Oct 21, 2009, 5:31 AM
In our today’s edition we are talking about Gender-based Violence (GBV), what it is about, causes, myths and facts.
Gender-based Violence (GBV) is violence that results in, or is likely to result in, physical, sexual or psychological harm or suffering to women, including threats such as acts, coercion or arbitrary deprivations of liberty, whether occurring in public or in private life.
It is violence that people experience on the basis of their gender.
It is important to note that the UN highlights violence against women as GBV and the need to understand VAW within the context of women’s and girls’ subordinate status in society.
While both men and women experience violence, evidence suggests that the risk factors, patterns and consequences of violence against women are different from violence that men experience.
The word gender is used to ascribe differences between men and women in regards to differences in roles, expectations, limitations, etc.
GBV occurs because society created differences between men and women and considers women to be of a low status and men to be of a high status.
When GBV occurs it inflicts harm to the victim and hurts other people around the victim as well.
GBV is about socially determined power relations and power imbalances between men and women.
GBV occurs because society gives one gender power more than the other. It is about how one gender uses their power over others to control another.
All acts of GBV are intended to control the victim’s right: GBV is an abuse of human rights. It violates the rights of the victim.
Gender-Based Violence is a pervasive public health and human rights problem throughout the world, but the patterns and prevalence of violence vary from place to place.
GBV violates several international and national human rights instruments and laws.
Sexual and gender-based violence encompasses a wide variety of abuses that includes sexual threats, exploitation, humiliation, assaults, molestation, domestic violence, incest, involuntary prostitution, torture, insertion of objects into genital openings and attempted rape.
Female Genital Mutilation and other harmful traditional practices including early and forced marriages, which substantially increase maternal morbidity and mortality, are forms of sexual violence against women and girls which cannot be overlooked nor justified on the grounds of tradition, culture or social conformity.
There is a tendency to think that violence only happens to married women or women of reproductive age. Violence against women happens to all women of all ages and can happen to a woman throughout her life cycle.
There are myths and stereotypes about domestic violence and sexual assault that you should know and be careful of whether you are a woman or a man.
This myths and stereotypes can be confusing sometimes but think twice before you decide.
It is a myth that if women are treated as equal to men in a relationship, it causes more domestic violence.
The constitution of The Gambia clarifies that “women shall be accorded full and equal dignity of the person with men” section 28(1).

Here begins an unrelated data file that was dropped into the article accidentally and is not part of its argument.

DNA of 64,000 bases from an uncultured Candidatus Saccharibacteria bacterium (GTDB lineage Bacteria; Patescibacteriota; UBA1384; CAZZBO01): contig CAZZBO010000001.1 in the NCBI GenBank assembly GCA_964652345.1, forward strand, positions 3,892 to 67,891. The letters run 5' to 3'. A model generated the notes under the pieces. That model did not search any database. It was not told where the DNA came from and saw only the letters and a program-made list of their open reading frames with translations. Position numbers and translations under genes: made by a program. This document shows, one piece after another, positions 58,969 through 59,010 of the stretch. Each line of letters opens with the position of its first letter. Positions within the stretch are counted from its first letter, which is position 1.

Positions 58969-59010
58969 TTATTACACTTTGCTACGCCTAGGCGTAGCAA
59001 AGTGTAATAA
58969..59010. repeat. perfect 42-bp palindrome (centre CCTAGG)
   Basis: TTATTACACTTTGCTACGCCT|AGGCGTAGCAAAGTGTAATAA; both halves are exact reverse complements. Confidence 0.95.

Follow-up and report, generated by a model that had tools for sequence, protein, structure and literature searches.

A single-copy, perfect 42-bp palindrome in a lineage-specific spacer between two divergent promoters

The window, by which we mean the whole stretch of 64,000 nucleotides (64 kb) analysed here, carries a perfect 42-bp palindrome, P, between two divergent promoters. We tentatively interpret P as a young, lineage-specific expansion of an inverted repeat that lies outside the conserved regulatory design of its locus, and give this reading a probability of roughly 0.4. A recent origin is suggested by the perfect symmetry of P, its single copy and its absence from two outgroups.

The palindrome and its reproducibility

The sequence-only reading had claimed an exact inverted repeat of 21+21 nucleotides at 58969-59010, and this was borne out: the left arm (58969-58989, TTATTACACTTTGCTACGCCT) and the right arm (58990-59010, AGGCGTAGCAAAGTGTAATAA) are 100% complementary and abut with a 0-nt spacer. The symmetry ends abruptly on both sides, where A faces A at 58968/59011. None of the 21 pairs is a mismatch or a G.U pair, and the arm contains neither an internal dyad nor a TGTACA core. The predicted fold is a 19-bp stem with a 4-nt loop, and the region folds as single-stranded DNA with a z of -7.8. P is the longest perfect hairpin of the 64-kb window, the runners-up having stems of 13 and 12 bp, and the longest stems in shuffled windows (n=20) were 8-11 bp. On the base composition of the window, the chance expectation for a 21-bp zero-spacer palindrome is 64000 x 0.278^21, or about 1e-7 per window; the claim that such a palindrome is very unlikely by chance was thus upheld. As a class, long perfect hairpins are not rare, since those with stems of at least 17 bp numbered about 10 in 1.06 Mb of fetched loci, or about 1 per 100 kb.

It is a myth that when women have an income-generating job, they disrespect their husbands. They should therefore not be allowed to work.
The fact is that women’s income is crucial to the social and economic wellbeing of a family. It is not a privilege or a favour to allow women to work.
It is their right as defined in the 1997 constitution of The Gambia. Everyone has the right to work. “Women shall have the right to equal treatment with men, including equal opportunities in political, economic and social activities.” Section 28(2).
It is a myth that women have taken the issue of equal rights with men wrongly: they disrespect men and think it is an opportunity to misbehave.
The fact is that some men and women have misunderstood the issue of equal rights. Equal rights means that women and men as human beings have equal value and worth, equal opportunities, fairness and justice before and under the law as clearly stated in the 1997 constitution of The Gambia, “all persons shall be equal before the law.” section 33(1).
It is also a myth that reporting a violent husband only causes embarrassment to a man and a woman, so it is better to endure the violence than to face embarrassment from the community.
The fact is that reporting violence cases is a way of seeking a solution to a problem. It is important that people who use violence take up responsibility for their behaviours; keeping quiet when injustice is being done to someone does not solve the problem.
It is also a myth that the Women’s Act 2010 will break up families. The fact is that the act comes to protect those who are abused and to ensure safety and harmony at home for every Gambian as defined in the constitution.
Relationships break up due to the abuses that happen and when one party or both parties feel that there is nothing more meaningful in the relationship.
If a relationship turns into a source of stress and pain then people break up.
GBV is more dangerous than HIV, so you the offender should know that the end result of GBV is death.
Women and girls are our sisters, daughters, wives, aunties, nieces and mothers; these are people that are so dear to our hearts, why hurt them? Real men think before acting.